Le Botaniste

Some restaurant stuff today. I had lunch in Le Botaniste, in my town of Ghent, Belgium. What’s special about the recently opened Botaniste is that it is an experimental vegan place, run by the people who own the international and world reknowned chain Le Pain Quotidien. LPQ, as it’s known, is especially famous for their long “communal” wooden tables, where you can sit down together with strangers for lunch or tea. The chain was actually founded by a Belgian guy, Alain Coumont.

Coumont started the chain, which now has a couple of hundred restaurants worldwide, in 1990. He’s sort of a visionary, who believes that sooner or later, we’ll all be vegetarian. Coumont has said that the vegetarian movement is a lot bigger than we think, because most vegetarians are quiet people who don’t get to the streets to protest the parliament. He had kind of a revelatory moment when he opened his first LPQ in California and discovered how many people were asking for rice or soy milk with their coffee.

The Pain Quotidien restaurants, which also offer meat, have been carrying vegan labels on their menu items for years. Coumont believes in vegan too, but he doesn’t want to call it that, because he believes for many people it has bad connotations. His own alternative word is “botanical” – hence the name of the new place. There’s a second Botaniste in New York City by now, and on its website you can read that it’s “100% botanical.”

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For the people from Le Pain Quotidien, Le Botanist is a place to experiment and discover what people like. Ghent is a good place for that, as it’s an especially veg-friendly town: it was, at the instigation of EVA, the organization I used to work for, the first city in the world to officially support a weekly vegetarian day (Thursday in our case).

Le Botaniste is not the traditional vegan restaurant, but is presented as a “food and wine bar”: a place where it’s nice to sit and have good food and wine. It’s very much “plant based” rather than “vegan,” but I think this might attract a segment of the population that would otherwise be uninterested in entering. And as I have written often, people who have changed their diet for health or mere culinary reasons, are much more likely to change their attitudes about animals.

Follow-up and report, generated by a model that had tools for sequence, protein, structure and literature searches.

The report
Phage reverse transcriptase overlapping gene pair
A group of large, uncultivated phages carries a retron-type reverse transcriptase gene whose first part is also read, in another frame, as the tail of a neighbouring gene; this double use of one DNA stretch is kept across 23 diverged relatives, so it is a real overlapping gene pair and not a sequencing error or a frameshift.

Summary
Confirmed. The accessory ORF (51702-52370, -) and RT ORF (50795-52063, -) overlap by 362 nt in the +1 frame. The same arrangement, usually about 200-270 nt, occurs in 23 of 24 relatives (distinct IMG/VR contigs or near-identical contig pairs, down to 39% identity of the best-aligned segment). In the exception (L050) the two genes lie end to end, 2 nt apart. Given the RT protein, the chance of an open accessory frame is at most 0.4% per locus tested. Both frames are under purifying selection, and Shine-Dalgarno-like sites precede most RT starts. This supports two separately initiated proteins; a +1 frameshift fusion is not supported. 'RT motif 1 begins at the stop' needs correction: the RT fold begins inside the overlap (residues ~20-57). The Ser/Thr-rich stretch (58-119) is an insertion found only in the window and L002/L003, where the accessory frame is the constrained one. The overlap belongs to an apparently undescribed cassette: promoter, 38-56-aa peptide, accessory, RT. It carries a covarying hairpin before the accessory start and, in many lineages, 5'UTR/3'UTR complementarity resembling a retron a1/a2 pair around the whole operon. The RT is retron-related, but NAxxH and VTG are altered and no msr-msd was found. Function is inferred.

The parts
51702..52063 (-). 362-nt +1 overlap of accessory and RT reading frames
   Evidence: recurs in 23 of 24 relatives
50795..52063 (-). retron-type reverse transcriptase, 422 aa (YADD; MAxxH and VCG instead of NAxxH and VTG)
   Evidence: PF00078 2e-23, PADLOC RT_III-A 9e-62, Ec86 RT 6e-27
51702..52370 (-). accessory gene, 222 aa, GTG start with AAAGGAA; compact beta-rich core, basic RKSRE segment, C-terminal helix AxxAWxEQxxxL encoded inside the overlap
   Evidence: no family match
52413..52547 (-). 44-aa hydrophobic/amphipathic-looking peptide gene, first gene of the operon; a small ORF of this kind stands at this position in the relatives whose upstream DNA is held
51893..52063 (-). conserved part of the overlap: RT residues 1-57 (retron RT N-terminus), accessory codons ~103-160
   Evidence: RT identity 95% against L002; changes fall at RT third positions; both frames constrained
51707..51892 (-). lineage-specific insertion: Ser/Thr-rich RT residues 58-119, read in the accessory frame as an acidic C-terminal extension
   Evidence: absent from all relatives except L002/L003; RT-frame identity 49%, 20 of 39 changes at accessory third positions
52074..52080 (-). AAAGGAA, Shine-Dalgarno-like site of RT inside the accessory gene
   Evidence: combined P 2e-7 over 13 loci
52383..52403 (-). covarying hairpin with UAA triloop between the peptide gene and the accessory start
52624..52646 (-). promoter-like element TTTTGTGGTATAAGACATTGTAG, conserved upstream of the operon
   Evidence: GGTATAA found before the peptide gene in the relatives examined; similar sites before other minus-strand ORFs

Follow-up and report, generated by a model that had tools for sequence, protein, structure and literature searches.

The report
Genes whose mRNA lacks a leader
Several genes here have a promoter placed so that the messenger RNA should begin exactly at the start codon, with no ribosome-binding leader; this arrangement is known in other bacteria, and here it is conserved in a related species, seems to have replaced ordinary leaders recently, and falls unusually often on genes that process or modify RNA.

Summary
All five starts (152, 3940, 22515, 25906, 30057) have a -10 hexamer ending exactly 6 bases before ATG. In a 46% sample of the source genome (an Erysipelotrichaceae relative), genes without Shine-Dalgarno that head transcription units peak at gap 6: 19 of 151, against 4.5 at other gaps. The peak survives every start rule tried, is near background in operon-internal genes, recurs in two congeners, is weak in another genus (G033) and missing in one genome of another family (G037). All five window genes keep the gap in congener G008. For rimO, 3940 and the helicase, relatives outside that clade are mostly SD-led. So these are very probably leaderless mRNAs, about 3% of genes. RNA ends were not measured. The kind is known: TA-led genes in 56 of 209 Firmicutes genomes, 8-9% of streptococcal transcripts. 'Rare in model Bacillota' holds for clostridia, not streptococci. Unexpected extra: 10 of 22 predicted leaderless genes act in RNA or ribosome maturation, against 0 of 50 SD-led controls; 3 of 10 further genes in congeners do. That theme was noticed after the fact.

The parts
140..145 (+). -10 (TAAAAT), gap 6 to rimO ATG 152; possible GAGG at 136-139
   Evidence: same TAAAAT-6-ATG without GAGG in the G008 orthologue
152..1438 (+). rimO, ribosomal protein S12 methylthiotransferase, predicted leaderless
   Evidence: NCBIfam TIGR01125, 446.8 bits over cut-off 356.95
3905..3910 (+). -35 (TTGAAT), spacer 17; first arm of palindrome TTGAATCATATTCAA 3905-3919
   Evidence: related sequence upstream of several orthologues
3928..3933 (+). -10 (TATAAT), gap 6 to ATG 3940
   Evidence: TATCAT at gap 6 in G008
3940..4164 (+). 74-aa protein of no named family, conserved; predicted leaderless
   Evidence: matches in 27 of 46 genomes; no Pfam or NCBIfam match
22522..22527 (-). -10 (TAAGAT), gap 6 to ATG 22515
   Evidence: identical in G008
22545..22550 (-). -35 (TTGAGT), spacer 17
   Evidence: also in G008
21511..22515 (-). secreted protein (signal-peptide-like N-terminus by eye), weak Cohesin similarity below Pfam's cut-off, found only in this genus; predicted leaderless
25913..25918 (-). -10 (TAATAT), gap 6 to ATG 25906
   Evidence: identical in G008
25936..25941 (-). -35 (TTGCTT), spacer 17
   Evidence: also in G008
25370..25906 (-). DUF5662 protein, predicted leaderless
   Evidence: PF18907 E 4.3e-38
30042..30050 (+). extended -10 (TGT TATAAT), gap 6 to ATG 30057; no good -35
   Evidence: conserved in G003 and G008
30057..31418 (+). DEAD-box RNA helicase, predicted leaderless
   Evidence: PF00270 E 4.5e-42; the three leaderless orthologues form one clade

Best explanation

And, in case you want to know: the food was pretty good.

8 thoughts on “Le Botaniste

  1. Love this idea! I’ve been really impressed with the success of vegan restaurants that focus on great food (Chloe Coscarelli’s high end vegan fast food place has been a runaway hit).

    I also love the use of the word ‘botanical’ – to the point without being preachy 🙂

  2. In the context of the target demographic, this all sounds fine……but in the context of boarder society its a pompous restaurant that alienates the average person. Where are the vegan restaurants for every day people with prices inline with what they can afford?

      1. Tobias,

        I figured for your mental health, a little dissonance on your blog here and there is a good thing. = )

  3. I’m a big fan of Le Pain Quotidien (even though they closed in my city!) and am excited about Le Botaniste. LPQ is where I always go for breakfast when I’m in NYC because I know I can get great food with no animal products! I find Coumont’s perspective on language very interesting!

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